I would absolutely love to see you support this statement with some facts: "Country by country, populations become obese when they adopt an American diet high in animal fat and simple sugars." Quite frankly, it is bunk. First, check the archeological records and see that human health began to suffer when we adopted a (drum roll) grain-based diet. Height suffered, dental health suffered, and population boomed. A high carbohydrate, grain-based diet is good for population growth, but not for human health. Second, I would argue that the obesity epidemic began after the USDA Food Pyramid which focuses on grains, grains, and grains to the exclusion of meat and fat. In fact, the paradox here is that we're told by the goverment that we should eat more grains, a food which MUST be processed, over fruits and vegetables, which can be picked fresh off a tree or from the ground and eaten right on the spot. Our biggest problem isn't meat consumption; it's food product consumption. Too many people focus on food products rather than on food. If it comes in a colorful box, it's a food product. If it can be killed with a stick or dug from the ground, it's food.
Chris, please stop repeating the standard party line of "eat less fat," "animal foods are bad for you," and "Dr. Ornish knows all". Open your mind and do some research beyond what the media reports. This week they love low-carb because it's a story that sells. Next week they'll hate it because it'll be a story that sells. It's unfortunate that Live Science is buying into that, pushing a vegetarian diet and vilifying that which has never been given a fair shake anyway. Note that Ancel Keys' cholesterol hypothesis, on which the saturated fat tripe is based, was flawed from the beginning. He selected only the data that proved what he wanted to prove, discarding the other two-thirds of the data that proved his hypothesis to be nothing but a cloud of smoke.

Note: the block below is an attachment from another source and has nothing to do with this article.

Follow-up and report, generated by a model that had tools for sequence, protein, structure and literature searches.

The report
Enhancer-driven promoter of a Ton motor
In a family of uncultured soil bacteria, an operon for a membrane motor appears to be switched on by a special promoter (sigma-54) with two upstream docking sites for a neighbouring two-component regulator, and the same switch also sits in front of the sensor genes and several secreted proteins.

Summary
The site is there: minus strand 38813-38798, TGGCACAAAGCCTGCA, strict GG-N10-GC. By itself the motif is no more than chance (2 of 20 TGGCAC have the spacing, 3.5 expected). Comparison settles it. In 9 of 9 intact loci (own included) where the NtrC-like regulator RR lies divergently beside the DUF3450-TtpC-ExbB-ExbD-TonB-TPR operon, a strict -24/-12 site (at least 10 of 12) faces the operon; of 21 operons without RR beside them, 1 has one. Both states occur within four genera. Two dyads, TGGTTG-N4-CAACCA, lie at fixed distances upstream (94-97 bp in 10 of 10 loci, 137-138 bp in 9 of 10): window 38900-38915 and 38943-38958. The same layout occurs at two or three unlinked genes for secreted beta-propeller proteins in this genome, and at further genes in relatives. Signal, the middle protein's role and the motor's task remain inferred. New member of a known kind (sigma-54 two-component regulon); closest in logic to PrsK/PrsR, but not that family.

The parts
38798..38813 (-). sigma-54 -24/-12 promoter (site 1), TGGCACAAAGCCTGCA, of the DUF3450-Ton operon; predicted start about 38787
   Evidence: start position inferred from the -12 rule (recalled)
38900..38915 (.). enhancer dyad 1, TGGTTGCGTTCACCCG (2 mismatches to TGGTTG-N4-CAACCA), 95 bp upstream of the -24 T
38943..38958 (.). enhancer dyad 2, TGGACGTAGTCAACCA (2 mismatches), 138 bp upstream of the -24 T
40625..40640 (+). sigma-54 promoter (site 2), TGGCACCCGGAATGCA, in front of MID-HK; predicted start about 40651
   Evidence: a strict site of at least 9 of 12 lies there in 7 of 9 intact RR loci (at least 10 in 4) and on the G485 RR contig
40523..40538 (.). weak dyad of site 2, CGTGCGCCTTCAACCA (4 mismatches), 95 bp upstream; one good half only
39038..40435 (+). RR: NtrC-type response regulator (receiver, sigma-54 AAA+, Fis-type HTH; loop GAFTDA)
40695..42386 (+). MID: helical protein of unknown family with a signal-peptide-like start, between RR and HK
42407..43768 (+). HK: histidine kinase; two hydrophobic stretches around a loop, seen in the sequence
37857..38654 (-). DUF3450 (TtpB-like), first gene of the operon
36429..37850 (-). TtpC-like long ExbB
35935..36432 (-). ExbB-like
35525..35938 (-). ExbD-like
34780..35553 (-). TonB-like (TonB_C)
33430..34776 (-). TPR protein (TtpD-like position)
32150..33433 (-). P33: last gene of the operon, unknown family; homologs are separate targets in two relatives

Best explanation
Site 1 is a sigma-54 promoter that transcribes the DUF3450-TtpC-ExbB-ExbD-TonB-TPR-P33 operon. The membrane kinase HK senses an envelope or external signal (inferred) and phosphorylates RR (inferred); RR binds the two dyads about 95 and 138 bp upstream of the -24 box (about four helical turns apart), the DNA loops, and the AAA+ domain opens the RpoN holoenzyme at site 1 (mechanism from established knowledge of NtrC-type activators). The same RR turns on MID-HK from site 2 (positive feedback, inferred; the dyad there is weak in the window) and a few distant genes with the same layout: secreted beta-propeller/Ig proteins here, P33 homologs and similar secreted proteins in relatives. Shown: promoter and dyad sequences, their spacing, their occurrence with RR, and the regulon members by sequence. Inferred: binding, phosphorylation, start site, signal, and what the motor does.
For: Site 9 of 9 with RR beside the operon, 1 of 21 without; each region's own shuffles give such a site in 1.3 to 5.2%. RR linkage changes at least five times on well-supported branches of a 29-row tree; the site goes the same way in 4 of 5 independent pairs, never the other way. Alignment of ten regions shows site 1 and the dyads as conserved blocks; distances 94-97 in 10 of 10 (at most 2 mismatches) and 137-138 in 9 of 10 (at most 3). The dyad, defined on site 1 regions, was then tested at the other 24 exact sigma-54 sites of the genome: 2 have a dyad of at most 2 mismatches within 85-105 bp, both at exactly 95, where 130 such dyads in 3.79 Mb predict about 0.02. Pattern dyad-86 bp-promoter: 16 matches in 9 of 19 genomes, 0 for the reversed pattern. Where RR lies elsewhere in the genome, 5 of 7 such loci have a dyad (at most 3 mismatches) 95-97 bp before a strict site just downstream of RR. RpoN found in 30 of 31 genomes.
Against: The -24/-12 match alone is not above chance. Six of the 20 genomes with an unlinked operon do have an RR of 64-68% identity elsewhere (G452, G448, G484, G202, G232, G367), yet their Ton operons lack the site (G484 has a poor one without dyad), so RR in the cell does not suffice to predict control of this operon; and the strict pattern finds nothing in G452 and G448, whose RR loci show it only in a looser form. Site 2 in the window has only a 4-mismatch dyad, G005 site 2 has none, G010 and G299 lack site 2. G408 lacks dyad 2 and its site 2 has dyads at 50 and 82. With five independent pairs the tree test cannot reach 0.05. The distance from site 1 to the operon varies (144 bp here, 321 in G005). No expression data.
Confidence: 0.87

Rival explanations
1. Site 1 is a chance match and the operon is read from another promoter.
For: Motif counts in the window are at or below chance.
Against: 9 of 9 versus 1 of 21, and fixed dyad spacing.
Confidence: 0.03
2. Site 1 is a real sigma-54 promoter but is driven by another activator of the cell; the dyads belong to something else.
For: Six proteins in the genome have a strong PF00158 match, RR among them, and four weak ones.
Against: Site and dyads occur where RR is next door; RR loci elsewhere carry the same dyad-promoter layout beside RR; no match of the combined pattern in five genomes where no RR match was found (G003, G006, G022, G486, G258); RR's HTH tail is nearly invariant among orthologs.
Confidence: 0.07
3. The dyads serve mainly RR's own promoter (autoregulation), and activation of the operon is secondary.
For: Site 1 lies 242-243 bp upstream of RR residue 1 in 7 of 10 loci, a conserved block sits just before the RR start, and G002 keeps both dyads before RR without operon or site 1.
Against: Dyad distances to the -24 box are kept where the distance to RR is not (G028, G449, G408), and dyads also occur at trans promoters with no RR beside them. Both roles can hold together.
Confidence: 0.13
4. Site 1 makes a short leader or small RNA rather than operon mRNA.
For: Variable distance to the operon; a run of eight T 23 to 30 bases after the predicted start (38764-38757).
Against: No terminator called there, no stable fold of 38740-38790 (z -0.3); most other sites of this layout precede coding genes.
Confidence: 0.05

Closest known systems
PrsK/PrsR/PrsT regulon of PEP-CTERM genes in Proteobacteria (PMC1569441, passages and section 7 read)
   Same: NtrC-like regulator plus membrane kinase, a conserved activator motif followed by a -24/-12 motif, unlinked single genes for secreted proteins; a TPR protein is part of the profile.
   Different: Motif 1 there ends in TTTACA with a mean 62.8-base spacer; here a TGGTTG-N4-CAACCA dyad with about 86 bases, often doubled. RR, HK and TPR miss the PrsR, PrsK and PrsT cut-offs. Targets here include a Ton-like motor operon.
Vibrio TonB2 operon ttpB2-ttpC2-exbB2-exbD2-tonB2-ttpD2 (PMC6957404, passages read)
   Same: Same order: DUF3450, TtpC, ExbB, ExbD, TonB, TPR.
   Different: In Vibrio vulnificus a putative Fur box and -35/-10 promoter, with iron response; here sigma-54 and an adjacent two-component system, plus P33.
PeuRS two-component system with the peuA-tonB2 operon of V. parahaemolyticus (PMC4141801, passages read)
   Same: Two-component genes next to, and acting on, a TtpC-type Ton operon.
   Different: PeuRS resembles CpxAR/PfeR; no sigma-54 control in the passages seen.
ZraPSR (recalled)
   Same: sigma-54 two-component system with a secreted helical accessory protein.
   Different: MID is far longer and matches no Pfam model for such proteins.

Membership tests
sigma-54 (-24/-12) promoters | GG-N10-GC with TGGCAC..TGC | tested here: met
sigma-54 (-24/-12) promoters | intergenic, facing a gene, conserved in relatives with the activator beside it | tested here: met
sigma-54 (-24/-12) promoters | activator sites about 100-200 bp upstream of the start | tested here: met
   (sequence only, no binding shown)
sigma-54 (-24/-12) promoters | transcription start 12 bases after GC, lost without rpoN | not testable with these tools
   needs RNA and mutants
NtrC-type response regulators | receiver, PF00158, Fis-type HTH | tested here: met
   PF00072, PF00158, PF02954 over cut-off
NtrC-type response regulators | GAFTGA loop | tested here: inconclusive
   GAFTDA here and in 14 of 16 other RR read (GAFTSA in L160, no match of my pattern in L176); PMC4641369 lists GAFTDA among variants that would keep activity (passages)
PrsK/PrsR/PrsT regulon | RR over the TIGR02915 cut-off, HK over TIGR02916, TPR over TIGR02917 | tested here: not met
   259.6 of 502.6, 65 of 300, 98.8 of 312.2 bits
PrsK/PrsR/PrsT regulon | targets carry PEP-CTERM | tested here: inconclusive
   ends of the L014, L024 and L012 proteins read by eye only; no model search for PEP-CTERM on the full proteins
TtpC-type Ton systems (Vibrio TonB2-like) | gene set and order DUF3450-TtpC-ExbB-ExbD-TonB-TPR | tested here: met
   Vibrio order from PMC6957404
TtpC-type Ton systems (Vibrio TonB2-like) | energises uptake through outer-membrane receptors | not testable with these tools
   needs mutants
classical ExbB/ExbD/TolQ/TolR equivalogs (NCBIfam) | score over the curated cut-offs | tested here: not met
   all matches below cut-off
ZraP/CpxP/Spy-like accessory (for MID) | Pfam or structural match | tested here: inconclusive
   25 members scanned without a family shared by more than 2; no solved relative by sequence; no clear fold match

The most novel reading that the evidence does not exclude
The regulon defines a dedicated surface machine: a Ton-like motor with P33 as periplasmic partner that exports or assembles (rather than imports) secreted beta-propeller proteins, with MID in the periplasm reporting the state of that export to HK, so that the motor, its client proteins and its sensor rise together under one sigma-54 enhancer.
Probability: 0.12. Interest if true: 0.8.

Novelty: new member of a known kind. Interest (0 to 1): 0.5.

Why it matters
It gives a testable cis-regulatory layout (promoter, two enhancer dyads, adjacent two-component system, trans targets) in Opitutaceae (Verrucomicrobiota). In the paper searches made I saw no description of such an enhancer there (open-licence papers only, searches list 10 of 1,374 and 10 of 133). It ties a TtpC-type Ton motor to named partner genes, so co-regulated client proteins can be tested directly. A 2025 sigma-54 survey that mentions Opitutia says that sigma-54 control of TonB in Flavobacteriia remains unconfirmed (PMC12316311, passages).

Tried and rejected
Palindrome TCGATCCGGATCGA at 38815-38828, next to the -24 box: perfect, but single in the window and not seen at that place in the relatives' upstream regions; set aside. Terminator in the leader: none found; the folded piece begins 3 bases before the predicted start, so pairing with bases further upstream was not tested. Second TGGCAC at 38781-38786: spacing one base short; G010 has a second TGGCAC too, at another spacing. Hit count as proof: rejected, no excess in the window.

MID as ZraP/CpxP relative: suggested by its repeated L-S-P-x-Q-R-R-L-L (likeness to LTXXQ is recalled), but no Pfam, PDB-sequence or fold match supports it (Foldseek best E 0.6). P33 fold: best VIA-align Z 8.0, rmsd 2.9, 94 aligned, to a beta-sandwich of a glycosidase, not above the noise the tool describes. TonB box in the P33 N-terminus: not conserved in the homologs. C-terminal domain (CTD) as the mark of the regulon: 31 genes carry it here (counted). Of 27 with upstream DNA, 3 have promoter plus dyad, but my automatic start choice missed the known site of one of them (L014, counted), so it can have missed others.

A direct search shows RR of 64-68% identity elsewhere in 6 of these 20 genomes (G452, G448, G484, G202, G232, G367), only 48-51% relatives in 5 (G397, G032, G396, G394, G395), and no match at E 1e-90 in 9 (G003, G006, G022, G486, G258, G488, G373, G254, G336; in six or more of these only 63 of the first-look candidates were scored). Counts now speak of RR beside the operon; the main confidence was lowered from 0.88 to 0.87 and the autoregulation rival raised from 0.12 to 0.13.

The biggest problem with The Atkins Diet isn't the diet itself, but the way that most people implement it with using low-carb this and low-carb that, rather than going for the foods on the original low-carb diet: meat, vegetables, nuts, fruit, and tubers. And here's the irony: if people would simply eat foods that don't come with a Nutrition Facts label and a list of health claims, they would likely be eating the right things. Macronutrient content matters little if you're eating meat, vegetables, nuts, fruit, and tubers. The body will naturally regulate intake with nutrient-dense, satiating foods. Eat from the above five groups of whole, natural foods and Atkins, Ornish, Sears, et al will be out of business. Of course, so will all of the nutritionists...keeping us confused about what to eat is good for business, even if it's not good for our waistlines.
I could continue debunking the nutrition information on Live Science's site, but I think I have continued long enough.
I am awaiting his response and will let you know if I get one.